Anthony Weiner buys into bike share and says he won't go on an 'anti-bike lane jihad.' But.
Anthony Weiner, now a declared mayoral candidate, wants to clarify one thing for voters.
"I am not, despite my one comment, I am not going to go on an anti-bike lane jihad if I'm lucky enough to get elected," he said in an interview this afternoon.
Weiner said he was only joking when he told Mayor Michael Bloomberg in 2010 that " I’m going to have a bunch of ribbon-cuttings tearing out your fucking bike lanes."
He said today, "You should not characterize me as an enemy or opponent of bikes or bike lanes. I love bikes and I love bike lanes."
In fact, "I have on my key ring as we speak my bike share fob. But that doesn't change the fact that because of, basically, a way of doing business, the city has antagonized many many communities, and many people who would otherwise be big supporters of bikes."
Weiner didn't specify how he'd go about evaluating which bike lanes to keep and which to remove, but he did identify two he thought were problematic.
One is on Broadway, near the Gramercy apartment he shares with his wife, Huma Abedin, and infant son, Jordan.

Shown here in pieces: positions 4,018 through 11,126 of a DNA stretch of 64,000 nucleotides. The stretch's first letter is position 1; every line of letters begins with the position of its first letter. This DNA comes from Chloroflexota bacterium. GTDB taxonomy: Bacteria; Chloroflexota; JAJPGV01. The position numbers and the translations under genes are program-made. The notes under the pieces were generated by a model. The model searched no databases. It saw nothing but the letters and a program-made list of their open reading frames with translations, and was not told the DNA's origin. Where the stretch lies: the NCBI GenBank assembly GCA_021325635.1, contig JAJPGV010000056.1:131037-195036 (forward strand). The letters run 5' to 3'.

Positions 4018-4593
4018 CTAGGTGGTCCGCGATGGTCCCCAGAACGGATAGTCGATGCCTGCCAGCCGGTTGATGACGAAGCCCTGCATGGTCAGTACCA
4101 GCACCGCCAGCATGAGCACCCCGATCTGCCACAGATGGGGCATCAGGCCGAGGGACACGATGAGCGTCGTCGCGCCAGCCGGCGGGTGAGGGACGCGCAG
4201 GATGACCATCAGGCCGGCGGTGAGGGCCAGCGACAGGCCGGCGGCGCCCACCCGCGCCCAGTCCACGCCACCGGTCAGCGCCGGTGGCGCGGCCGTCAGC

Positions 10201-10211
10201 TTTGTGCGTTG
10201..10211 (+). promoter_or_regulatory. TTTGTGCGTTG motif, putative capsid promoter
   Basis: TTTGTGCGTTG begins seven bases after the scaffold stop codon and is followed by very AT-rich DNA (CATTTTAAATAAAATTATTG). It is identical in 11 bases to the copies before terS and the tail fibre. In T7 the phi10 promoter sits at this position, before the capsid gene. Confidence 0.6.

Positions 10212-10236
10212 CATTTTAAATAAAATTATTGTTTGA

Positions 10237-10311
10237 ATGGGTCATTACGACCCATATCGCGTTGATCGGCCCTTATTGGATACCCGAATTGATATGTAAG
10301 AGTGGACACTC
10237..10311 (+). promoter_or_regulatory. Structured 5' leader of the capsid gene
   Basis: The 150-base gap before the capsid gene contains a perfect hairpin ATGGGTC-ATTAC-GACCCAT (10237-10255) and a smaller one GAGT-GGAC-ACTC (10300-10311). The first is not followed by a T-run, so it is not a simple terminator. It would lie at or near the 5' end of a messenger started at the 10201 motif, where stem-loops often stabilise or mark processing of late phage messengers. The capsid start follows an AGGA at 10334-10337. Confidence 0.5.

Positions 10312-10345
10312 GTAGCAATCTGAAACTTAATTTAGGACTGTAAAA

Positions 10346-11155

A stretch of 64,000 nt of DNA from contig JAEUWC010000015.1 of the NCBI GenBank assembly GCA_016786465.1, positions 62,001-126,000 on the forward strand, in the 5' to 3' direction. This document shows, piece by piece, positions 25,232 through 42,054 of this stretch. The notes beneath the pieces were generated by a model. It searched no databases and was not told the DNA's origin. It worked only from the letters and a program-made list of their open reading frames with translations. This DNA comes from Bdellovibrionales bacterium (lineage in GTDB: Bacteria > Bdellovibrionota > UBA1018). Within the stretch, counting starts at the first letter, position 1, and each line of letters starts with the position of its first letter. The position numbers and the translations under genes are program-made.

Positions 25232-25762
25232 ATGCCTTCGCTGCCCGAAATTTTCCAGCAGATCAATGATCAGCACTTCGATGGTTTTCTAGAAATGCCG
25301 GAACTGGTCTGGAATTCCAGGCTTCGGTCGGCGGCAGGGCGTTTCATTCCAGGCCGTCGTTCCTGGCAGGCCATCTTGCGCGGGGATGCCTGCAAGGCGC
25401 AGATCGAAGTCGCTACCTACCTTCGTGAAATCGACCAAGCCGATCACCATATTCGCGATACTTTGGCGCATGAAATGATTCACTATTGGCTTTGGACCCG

The other is the much-discussed lane that runs along Prospect Park West, which, coincidentally or not, is strongly opposed by Iris Weinshall, the former New York City transportation commisioner and wife of Senator Chuck Schumer, Weiner's former boss.
"I live not far from here in Gramercy, a part of the city on Broadway which is very narrow that they've eliminated all but one lane," Weiner told me.
Delivery trucks, he said, "have two choices: They can either park in the roadway or they can pull up and park in the bike lane. Both of those are dangerous."
In Brooklyn, he said, the problem is different.
"I'm not crazy about the aesthetics of the Prospect Park West bike lane," he said. "You know, that beautiful open boulevard is now more congested."